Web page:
September 16, 2012
Spirited Indian Sounds Spice Classical Revolution
Ganeshan, by his own admission, is a unique act, trained as a violinist and educated in ethnomusicology at UCLA before he became a singer and a vital Bay Area impresario, presenting concerts of Indian music through his Sangati Center. Seated on a stool in front of the Ashkenaz stage, without a microphone, he vocalized his own poetry, mostly in English, in a style evocative of the Carnatic (South Indian) tradition. Accompanied by a traditionally garbed onstage ensemble, consisting of Mohan Rangan Govindaraj on bamboo flute, Vignesh Venkataraman on the two-headed mridangam drum, and Christina Boyd on the droning tambura, Ganeshan shared five of his alluring sets of lyrics. The slow movement through the text, with many repeated phrases, was evocative both of the ecstatic Qawwali song form shared by India and Pakistan, and of Baroque oratorio.
The latter connection applied also to Ganeshan’s vocal ornamentations, involving trills and glissandos, but not to the projection and vibrato associated with later Western classical music. Ganeshan’s instrument was neither strong nor showy, but rather eminently lyrical and supple, its dramatic impact bolstered by the singer’s expressive use of his arms and hands as he asked, in song, “Where shall I, your singer, go?” and affirmed that, “Despite nostalgia for paradise, the memory will suffice.” Communicating Ganeshan’s passionate texts, the combination of sound and message conveyed a new sort of Sunday worship and celebration.
To many listeners, the intervals of the Indian melas, or parent scales, which differ from the Western diatonic scale both in structure and in their use of microtones, are more familiar from their manifestation on the best-known Indian stringed instruments, the sitar and the sarod, neither of which was in evidence at Ashkenaz.
But Ganeshan’s technique paralleled that of the strings, and he also engaged in some sawal-jawab (give-and-take) with his virtuosic flautist and drummer. There were also echoes, though much miniaturized, of the sections of the familiar raga form (commonly performed on sitar and/or sarod), with an unmetered introductory alap section followed by the quicker, percussion-propelled gat section, and an exciting jhala, or conclusion. Communicating Ganeshan’s passionate texts, the combination of sound and message conveyed a new sort of Sunday worship and celebration.
After intermission, the ensemble Karavika sustained the taste of India, but within a contained chamber context, particularly by its melodic instrumentation of violin (Trina Basu), cello (Amali Premawardhana, sister of Classical Revolution founder Charith Premawardhana), and bass (Perry Wortman), with Sameer Gupta providing a rhythmic foundation on tabla drums, and the essential drone of the tambura supplied by — can you believe it? — an amplified smartphone app.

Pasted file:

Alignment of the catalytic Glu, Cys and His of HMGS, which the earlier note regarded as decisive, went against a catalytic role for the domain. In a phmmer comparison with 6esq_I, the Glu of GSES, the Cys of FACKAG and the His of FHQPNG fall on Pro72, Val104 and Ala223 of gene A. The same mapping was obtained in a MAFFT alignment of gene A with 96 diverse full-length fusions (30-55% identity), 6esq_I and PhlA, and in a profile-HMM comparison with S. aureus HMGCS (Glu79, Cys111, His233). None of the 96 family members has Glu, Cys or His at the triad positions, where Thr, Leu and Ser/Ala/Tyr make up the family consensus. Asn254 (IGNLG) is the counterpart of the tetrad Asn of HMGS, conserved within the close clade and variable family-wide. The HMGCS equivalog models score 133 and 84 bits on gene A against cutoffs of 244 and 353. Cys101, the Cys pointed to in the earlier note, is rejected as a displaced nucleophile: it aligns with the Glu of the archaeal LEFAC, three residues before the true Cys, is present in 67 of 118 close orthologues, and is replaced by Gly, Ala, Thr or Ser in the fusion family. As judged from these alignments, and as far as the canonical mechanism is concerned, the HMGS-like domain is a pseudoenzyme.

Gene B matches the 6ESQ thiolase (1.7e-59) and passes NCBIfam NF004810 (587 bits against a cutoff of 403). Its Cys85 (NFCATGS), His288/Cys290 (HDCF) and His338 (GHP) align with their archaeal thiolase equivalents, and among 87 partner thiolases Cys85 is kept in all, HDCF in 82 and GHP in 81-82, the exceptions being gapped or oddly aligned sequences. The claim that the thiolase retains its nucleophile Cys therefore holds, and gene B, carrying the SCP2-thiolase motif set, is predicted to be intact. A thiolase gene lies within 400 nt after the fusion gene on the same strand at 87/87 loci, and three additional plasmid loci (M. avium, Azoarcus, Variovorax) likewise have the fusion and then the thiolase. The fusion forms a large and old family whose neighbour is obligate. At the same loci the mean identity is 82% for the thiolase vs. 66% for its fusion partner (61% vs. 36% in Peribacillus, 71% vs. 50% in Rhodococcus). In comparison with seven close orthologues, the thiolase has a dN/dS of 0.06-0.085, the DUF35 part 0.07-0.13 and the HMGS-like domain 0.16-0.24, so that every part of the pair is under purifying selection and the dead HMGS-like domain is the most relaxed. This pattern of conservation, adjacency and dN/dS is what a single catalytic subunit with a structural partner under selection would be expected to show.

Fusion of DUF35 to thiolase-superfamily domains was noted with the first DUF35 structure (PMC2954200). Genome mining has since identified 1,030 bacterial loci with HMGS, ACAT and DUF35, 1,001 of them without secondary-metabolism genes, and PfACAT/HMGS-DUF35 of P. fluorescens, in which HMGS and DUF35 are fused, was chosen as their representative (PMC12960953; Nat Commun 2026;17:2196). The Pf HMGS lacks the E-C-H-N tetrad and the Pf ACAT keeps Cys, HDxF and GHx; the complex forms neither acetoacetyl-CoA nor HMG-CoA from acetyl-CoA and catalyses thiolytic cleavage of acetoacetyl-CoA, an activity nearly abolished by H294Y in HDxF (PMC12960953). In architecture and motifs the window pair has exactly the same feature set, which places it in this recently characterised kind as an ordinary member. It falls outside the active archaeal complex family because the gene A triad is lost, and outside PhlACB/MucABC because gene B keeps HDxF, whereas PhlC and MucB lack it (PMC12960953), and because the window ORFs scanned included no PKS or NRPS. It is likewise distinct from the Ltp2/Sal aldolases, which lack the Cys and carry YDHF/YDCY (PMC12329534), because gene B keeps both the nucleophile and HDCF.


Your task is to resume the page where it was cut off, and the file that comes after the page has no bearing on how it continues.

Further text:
As with Ganeshan’s group, several of Karavika’s half-dozen pieces (all found on its self-produced CD, titled Sunrise) incorporated raga construction, with violin and cello introducing the melodic theme in unison or harmonized, and bass and tabla entering later. Basu and Premawardhana, both commanding performers, were particularly apt at bolstering and then relaxing the intensity of the music, extending their palette with pizzicatos and a variety of bowing techniques that, together, evoked both sitar and sarod.
Karavika’s first two offerings were based on Indian film music, nicely voiced and at times suggestive of some of the adventures of such crossover explorers as Edgar Meyer and Yo-Yo Ma. Ravi Shankar’s theme from the soundtrack of Pather Panchali, the 1955 film by Satayajit Ray, was charmingly reborn as a chamber piece in 9/8 time.
The Karavika original composition “Sunrise,” which closed out the evening, arguably provided the group its best showcase. Bay Area tenor saxophonist Prasant Radhakrishnan was brought in on a couple of numbers, but for the most part neither he nor the string players were able to get as far in their brief improvisatory sections as Radhakrishnan has gotten elsewhere, with the Asian American Orchestra. Whatever the proceedings, Wortman continued to provide handsome underpinnings, while Gupta worked a variety of intonation, aside from his intricate and reliable time-keeping.
The Karavika original composition “Sunrise,” which closed out the evening, arguably provided the group its best showcase. From a mélange of shimmering strings and haunting horn sounds, Radhakrishnan moved on to the jazziest of the set’s solos, and both Premawardhana and Basu proved that they can swing, when given the chance. Similar showings followed by Wortman and by Gupta, and the entire ensemble earned its standing ovation.
If this sounds like something you shouldn’t have missed, look toward the remainder of the First Annual Cultural Revolution Festival, with even more variety of genres and venues.
Jeff Kaliss has written about opera and other classical forms for the Marin Independent-Journal and The Oakland Tribune. He is based in San Francisco, and also covers jazz, world music, country, rock, film, theater, and other entertainment. The second edition of his authorized biography of Sly & the Family Stone was published by Backbeat Books.